Sunday Musings

I think one of the reasons that I took my somewhat circuitous path through the work force was the pleasure I took in the creative process. Before I stepped away from that world I was fortunate enough to have been part of the creation of four programs: the Behavioral Liaison program, Reflections Treatment Agency, Parkway Academy, and Peninsula Village. Reflections is no longer around, but the other three are, and I would guess that they bear little resemblance to the programs I helped create. This is as it should be. I also had the unfortunate experience of being part of programs which had been in existence long enough to enter the “we do it this way because that’s the way we do things here” phase, which was as a rule less healthy for everyone, staff and students alike. I’ve felt for a long time that “that’s the way we’ve always done it” can occasionally function as a legitimate supporting argument, but has very little strength as a primary one. 

My own preference for creation over maintenance, for asking questions rather than memorizing answers, informs much of who I am now, a little self-examination reveals, from politics (progressive) to religion (Unitarian Universalist) to the way I choose to spend my time now that I’m out of the work force. Writing books, playing music, moving into new circles of friends while I try to hang on to most of my old ones, all of these things are components of what is turning out to be a pretty good phase of my life. The whole grandparent thing is pretty sweet, too.

I had a conversation with an old friend yesterday, and in the course of our time together this man, usually very optimistic, said that he now has periods of deep despair and anger when he looks around. I had no easy answer for him, and still don’t even after thinking about it for a day, but I think Bucky Fuller had it right when he said that what seems to be important at the moment is never what is really going on. The predilection of the media for one type of story (“If it bleeds, it leads,” as the old saying goes) makes my friend’s anger and despair seem to be a reasonable reaction. There is more, though, much more, and some of it is a strong counterpoint to the forces pushing us into anger and despair.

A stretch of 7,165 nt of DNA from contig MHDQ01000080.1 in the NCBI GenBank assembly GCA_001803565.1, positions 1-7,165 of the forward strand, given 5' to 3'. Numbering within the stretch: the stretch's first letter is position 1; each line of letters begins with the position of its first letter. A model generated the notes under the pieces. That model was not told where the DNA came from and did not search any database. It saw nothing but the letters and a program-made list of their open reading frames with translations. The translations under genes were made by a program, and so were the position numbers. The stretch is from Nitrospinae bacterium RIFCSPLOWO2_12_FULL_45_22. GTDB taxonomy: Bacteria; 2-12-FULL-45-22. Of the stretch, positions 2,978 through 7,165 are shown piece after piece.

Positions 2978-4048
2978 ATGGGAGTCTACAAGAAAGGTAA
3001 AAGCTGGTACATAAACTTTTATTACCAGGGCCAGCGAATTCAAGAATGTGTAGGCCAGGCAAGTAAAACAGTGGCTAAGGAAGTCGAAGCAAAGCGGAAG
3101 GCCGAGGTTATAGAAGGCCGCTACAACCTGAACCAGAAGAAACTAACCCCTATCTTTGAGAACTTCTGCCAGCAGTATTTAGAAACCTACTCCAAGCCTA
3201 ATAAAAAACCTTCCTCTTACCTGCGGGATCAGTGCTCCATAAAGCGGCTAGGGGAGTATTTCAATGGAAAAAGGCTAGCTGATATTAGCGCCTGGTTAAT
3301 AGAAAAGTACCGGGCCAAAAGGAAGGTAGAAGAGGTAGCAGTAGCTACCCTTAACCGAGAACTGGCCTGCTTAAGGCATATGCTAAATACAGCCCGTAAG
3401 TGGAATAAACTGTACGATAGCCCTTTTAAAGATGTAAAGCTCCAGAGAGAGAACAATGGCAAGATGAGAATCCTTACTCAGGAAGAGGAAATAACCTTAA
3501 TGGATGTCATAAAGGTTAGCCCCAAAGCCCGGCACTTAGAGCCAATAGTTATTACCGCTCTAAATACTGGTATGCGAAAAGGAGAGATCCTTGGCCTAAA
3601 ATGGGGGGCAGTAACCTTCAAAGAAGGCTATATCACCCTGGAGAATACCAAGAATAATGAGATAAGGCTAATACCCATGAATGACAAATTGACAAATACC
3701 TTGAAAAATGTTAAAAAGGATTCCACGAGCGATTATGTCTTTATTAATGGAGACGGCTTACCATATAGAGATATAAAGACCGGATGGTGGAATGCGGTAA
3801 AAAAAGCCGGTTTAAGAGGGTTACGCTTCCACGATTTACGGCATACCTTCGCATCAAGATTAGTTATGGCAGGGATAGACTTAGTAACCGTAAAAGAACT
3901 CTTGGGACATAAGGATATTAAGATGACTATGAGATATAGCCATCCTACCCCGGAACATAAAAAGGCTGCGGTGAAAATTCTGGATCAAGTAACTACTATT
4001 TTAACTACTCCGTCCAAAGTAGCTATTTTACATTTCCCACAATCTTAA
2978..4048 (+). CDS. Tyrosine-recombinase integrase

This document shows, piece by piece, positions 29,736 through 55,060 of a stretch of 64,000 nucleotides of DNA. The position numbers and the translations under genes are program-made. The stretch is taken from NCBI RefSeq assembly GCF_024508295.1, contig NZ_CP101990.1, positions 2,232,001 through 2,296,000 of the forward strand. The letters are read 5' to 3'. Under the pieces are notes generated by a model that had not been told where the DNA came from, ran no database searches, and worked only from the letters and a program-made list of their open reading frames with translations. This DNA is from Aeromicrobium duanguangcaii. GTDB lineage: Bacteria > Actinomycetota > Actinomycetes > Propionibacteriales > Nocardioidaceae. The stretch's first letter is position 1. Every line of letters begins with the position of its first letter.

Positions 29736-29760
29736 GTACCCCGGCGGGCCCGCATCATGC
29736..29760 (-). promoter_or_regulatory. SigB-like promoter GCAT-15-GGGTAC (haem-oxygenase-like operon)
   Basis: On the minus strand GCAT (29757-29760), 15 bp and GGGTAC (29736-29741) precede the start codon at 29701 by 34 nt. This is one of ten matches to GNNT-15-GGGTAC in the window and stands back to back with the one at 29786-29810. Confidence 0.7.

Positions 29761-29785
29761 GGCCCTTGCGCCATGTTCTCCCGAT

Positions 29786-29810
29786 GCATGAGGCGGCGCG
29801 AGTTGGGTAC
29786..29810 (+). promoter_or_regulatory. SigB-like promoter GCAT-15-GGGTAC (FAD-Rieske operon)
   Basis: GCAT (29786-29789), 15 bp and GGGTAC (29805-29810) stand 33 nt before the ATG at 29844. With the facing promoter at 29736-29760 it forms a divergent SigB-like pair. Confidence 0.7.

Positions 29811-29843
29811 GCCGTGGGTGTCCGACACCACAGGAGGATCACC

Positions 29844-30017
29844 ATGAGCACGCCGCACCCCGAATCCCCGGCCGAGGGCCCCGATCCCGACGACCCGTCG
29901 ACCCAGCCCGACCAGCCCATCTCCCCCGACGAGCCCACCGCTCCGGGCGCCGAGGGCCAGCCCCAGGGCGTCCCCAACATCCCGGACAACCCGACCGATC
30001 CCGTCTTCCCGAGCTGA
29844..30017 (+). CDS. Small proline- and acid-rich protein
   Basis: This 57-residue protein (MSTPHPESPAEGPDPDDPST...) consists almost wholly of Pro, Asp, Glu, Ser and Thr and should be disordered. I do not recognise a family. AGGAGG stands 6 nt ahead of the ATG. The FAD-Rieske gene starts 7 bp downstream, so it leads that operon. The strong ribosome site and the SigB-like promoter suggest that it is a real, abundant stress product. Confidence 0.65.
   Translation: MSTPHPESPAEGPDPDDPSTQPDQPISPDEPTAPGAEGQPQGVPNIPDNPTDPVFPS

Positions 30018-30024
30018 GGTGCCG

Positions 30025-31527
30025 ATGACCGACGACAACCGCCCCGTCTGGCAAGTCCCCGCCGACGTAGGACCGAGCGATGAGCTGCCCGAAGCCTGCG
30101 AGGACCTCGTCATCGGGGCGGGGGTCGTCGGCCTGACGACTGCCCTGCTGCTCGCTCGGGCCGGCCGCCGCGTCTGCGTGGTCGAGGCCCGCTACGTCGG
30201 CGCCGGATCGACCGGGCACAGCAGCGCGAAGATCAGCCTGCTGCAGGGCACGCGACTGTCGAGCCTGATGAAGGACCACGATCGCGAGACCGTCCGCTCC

Annette said during her message today that “a loving curiosity” is a good stance to take in the world (I’m paraphrasing, or more likely riffing on her original thought). When I saw her later I told her that a loving curiosity was a tough gig sometimes, and I think that’s true. I also think it’s a stance worth striving toward.

Published by


A career working with teenagers on the fringes of society has made me both sensitive to and appreciative of the complexities of character and the struggles, inner and outer, that we all wrestle with in one form or another. My writing emphasizes character development over action, and, as a lifelong Southerner, the rhythms and cadence of the Southeastern United States influence both my spoken and written voice.

Leave a Reply

Fill in your details below or click an icon to log in: Logo

You are commenting using your account. Log Out /  Change )

Facebook photo

You are commenting using your Facebook account. Log Out /  Change )

Connecting to %s